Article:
Tag Archives: National Instant Criminal Background Check System

That’s a lot of Guns

One of the best indicators of firearms sales, the FBI’s National Instant Criminal Background Check System logged 3,602,296 checks in November, an increase of 41 percent over the figure of 2,545,863 for November 2019. In fact, it was the biggest November in the NICS program’s 21-year history.

However, when checks and rechecks for carry permits and the like are subtracted from that figure by the National Shooting Sports Foundation, leaving a more concrete number for over-the-counter checks on gun transfers conducted through federal firearms licensees, it yields 1,949,141 checks, which is an increase of 45.2 percent compared to the November 2019 NSSF-adjusted NICS figure of 1,342,155. 

When added to the rest of the year, the 2020 running total stands at some 19.1 million adjusted checks, dwarfing the 2016 annual record of 15.7 million checks, and the year still has another month to go before the books are closed. Of those checks, NSSF estimates that a whopping 7.7 million came from new first-time gun buyers. 


Could the NICS appeals backlog be next?

With signs that a historic swell in gun sales and associated background checks may be tapering, the federal government may soon tackle a logjam of denial appeals.

The Federal Bureau of Investigation’s National Instant Criminal Background Check System is currently working voluntary appeals dating back to August 2015 — for individuals denied 18 months ago. However, it hasn’t always been like that. In September 2015, the average delay was three months.

The change came when the nearly 70 examiners dedicated to appeals were reassigned to assist in running initial criminal background checks because of surges in gun sales in October 2015. Since then the delay has grown, despite executive action to expand NICS’s workforce to meet increasingly robust sales figures, leaving appeals to stagnate.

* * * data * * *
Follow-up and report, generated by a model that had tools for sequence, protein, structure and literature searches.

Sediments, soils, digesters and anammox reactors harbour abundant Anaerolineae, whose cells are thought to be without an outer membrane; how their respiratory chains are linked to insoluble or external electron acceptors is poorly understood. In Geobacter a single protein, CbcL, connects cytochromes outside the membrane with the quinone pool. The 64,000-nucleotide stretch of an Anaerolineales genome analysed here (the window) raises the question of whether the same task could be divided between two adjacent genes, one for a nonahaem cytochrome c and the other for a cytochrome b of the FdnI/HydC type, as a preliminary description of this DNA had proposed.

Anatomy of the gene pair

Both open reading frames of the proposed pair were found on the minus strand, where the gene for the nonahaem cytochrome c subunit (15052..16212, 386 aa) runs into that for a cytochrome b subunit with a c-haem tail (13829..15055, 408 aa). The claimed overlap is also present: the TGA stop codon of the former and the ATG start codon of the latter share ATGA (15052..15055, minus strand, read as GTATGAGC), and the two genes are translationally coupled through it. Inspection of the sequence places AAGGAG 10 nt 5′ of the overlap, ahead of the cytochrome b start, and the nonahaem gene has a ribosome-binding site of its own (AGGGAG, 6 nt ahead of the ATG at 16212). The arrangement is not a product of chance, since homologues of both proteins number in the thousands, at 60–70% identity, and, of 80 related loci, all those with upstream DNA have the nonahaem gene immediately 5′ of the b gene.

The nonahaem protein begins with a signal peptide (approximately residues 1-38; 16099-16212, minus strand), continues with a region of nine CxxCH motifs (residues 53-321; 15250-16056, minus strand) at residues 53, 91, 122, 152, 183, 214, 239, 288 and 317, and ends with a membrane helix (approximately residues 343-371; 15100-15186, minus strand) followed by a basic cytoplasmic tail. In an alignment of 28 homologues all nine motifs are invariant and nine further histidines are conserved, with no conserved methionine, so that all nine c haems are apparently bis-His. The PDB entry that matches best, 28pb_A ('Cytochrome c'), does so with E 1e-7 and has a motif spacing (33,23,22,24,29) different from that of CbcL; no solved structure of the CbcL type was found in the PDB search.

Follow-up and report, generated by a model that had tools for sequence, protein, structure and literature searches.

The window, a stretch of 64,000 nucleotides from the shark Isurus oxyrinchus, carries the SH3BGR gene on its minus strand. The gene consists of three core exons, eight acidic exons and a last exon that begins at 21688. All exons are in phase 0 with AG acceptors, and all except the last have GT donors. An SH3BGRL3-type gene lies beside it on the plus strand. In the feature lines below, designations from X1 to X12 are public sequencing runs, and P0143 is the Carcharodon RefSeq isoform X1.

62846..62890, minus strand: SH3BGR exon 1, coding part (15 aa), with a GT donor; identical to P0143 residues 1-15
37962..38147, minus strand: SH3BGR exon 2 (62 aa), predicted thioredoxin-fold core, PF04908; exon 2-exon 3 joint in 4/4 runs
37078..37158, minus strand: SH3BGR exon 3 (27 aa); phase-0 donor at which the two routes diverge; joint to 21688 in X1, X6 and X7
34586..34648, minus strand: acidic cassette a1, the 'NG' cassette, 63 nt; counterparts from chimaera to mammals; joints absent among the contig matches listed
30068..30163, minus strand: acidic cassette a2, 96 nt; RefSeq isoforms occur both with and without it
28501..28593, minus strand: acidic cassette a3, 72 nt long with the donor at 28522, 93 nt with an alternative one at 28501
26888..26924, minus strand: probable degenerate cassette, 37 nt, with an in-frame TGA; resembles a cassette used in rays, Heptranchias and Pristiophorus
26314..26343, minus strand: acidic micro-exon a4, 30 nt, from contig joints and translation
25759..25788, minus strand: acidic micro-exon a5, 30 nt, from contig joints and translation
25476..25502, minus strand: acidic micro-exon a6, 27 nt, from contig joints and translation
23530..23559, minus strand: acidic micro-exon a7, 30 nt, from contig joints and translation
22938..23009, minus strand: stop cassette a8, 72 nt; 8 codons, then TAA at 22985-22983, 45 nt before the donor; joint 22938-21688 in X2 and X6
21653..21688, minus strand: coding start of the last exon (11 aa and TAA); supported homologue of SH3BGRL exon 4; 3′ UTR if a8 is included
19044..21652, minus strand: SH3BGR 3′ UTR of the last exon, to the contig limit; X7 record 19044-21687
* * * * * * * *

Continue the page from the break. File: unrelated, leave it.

But that could all be changing.

More in my column at Guns.com.

We’re from the government. We’re here to help

FBI_Badge_&_gun glock

At one point Greg Ledet made a minor mistake. Back in 1997 he was found guilty of a misdemeanor crime (theft under $100) and got 18 months probation for it under threat of a six-month jail term. Other than that minor (and petty) stain on his record, he has kept his nose clean and is by all accounts a law-abiding citizen. A stand-up guy.

According to U.S. law, there are a number of things that can make it illegal for you to be a prohibited firearms possessor (renouncing your citizenship, being convicted of a felony, of domestic violence, of serious misdemeanors that result in more than two years in the klink, serious mental illness, dishonorable discharges, et. al). If so adjudicated, the FBI’s NICS program will blackball you from being able to get a gun. None of these things Ledet did.

Well the feds for some reason have Ledet listed as a prohibited possessor, although they got his records from his home state in 2003 showing he was not. This led to him not being able to buy a gun legally in 2010. Somehow in seven years they didn’t update their files.

Trying again this year to buy a simple .22LR rifle, he was still denied.

He filed a color of law suit this year and suddenly the FBI was able to– just three weeks after they received notice to appear– approve his apparently forgotten appeals.


More in my column over at Guns.com

The all-seeing eye (of the networked FFL)

Go ahead, tell me you wouldn't shop there...

Go ahead, tell me you wouldn’t shop there…

Following the news that the terrorist in the Orlando attack was able to legally purchase his firearms from a local store after he was turned down by one licensed dealer just days before, I spoke a couple weeks ago with software developer and long-time gun owner Seth Banks who came up with an idea that gun shops could help network to keep this from happening in the future.

The idea is simple. A private network for verified Federal Firearms Licensees to share and report incidents they have with suspicious buyers, and communicate with each other. When one shop in the network posts an alert, other dealers within driving distance are alerted via email, in-app notification, and/or text message.

“FFLs deny gun purchases for all sorts of reasons; including mental health, straw sales, intoxication, violent comments in the store, etc. … FFLs are on the front line protecting our community from bad actors already. Why not make their jobs easier?” Banks argued.

And with that Gun Shop Watchlist was formed.

More in my column at Guns.com